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Restoration Ecology and Invasive Riparian Plants: An Introduction to the Special Section on Tamarix spp. in Western North America

Authors

  • Patrick B. Shafroth,

    Corresponding author
    1. U. S. Geological Survey, Fort Collins Science Center, 2150 Center Avenue, Building C, Fort Collins, CO 80526-8118, U.S.A.
      Address correspondence to P. B. Shafroth, email shafrothp@usgs.gov
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  • Mark K. Briggs

    1. World Wildlife Fund, Chihuahuan Desert Program, 100 E. Hadley Avenue, Las Cruces NM 88001, U.S.A.
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Address correspondence to P. B. Shafroth, email shafrothp@usgs.gov

Abstract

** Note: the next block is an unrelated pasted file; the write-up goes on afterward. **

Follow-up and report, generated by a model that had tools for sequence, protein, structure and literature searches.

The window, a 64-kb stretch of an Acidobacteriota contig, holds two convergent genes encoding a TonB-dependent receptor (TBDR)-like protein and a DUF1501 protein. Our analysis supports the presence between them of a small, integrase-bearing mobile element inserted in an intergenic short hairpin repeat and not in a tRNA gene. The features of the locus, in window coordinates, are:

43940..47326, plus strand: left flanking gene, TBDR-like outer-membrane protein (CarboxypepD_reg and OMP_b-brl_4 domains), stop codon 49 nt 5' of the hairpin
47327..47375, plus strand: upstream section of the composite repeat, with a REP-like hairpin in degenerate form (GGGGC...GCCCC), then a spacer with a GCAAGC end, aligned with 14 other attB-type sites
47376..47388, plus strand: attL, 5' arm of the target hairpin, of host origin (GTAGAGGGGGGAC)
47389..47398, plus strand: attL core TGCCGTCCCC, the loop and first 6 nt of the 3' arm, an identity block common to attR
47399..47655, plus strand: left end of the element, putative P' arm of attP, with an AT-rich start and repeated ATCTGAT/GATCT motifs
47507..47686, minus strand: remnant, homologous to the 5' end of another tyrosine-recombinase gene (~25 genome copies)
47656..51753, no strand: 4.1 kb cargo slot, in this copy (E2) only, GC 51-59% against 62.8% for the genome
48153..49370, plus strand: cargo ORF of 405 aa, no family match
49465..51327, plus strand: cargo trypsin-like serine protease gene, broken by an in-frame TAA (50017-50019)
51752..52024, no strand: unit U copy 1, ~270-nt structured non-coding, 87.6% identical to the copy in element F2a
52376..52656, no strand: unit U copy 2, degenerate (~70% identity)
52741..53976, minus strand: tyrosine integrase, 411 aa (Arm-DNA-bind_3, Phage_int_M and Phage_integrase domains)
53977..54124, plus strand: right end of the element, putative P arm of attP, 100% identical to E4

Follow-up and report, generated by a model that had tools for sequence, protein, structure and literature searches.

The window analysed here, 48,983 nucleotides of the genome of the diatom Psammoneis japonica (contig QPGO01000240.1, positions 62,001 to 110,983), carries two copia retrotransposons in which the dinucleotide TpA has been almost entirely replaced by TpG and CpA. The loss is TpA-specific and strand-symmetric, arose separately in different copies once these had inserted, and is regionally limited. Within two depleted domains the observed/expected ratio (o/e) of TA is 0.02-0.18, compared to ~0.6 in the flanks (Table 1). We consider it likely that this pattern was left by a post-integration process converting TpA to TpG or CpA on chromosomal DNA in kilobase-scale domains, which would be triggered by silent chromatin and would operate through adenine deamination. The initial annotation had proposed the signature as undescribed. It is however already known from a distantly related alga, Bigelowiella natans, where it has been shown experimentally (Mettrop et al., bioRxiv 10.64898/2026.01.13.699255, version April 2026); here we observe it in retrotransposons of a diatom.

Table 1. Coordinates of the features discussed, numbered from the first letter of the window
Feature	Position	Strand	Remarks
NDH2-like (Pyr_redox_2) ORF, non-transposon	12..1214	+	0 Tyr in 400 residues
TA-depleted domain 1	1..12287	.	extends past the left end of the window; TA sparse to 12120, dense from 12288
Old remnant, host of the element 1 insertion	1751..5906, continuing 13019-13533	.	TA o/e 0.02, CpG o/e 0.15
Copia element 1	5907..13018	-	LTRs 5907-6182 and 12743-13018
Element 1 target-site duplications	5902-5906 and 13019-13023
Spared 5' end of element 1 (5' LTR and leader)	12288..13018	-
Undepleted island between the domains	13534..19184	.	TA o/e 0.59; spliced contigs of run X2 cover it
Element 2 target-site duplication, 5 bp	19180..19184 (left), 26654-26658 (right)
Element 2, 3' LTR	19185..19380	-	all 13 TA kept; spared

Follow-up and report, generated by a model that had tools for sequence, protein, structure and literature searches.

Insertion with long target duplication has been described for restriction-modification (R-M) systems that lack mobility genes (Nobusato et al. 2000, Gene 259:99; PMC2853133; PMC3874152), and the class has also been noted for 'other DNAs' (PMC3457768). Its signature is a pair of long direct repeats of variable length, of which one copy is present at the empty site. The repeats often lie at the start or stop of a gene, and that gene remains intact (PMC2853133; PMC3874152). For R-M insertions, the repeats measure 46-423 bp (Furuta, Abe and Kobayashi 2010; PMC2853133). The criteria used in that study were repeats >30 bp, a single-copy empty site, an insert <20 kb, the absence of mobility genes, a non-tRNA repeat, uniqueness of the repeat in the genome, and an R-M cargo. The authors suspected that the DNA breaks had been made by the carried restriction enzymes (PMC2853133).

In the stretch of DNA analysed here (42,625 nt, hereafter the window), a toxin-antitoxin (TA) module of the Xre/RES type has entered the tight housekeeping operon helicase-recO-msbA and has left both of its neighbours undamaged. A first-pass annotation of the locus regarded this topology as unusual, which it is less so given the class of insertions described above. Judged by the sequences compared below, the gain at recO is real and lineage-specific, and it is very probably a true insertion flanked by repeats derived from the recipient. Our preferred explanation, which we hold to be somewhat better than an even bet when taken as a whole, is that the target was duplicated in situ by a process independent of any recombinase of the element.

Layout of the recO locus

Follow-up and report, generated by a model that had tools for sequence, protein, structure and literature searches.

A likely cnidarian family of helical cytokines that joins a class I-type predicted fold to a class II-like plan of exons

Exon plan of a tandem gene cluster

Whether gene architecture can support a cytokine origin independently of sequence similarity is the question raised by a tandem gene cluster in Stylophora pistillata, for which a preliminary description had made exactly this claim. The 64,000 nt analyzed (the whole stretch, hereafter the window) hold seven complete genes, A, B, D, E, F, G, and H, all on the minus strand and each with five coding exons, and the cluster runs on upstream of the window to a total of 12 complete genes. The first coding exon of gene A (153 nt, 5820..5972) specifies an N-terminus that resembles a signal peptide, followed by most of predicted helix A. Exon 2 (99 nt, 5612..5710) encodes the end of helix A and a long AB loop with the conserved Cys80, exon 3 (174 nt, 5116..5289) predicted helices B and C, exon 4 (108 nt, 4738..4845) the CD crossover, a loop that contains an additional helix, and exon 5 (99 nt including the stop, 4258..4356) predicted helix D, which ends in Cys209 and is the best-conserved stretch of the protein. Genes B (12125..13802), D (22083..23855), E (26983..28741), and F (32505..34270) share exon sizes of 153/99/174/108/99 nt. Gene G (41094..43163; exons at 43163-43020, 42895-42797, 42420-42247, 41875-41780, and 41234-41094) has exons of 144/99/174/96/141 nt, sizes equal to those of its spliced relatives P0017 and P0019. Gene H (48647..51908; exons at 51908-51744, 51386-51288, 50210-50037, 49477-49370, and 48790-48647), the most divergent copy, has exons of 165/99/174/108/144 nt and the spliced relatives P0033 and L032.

River systems around the world are subject to various perturbations, including the colonization and spread of non-native species in riparian zones. Riparian resource managers are commonly engaged in efforts to control problematic non-native species and restore native habitats. In western North America, small Eurasian trees or shrubs in the genus Tamarix occupy hundreds of thousands of hectares of riparian lands, and are the targets of substantial and costly control efforts and associated restoration activities. Still, significant information gaps exist regarding approaches used in control and restoration efforts and their effects on riparian ecosystems. In this special section of papers, eight articles address various aspects of control and restoration associated with Tamarix spp. These include articles focused on planning restoration and revegetation; a synthetic analysis of past restoration efforts; and several specific research endeavors examining plant responses, water use, and various wildlife responses (including birds, butterflies, and lizards). These articles represent important additions to the Tamarix spp. literature and contain many lessons and insights that should be transferable to other analogous situations in river systems globally.

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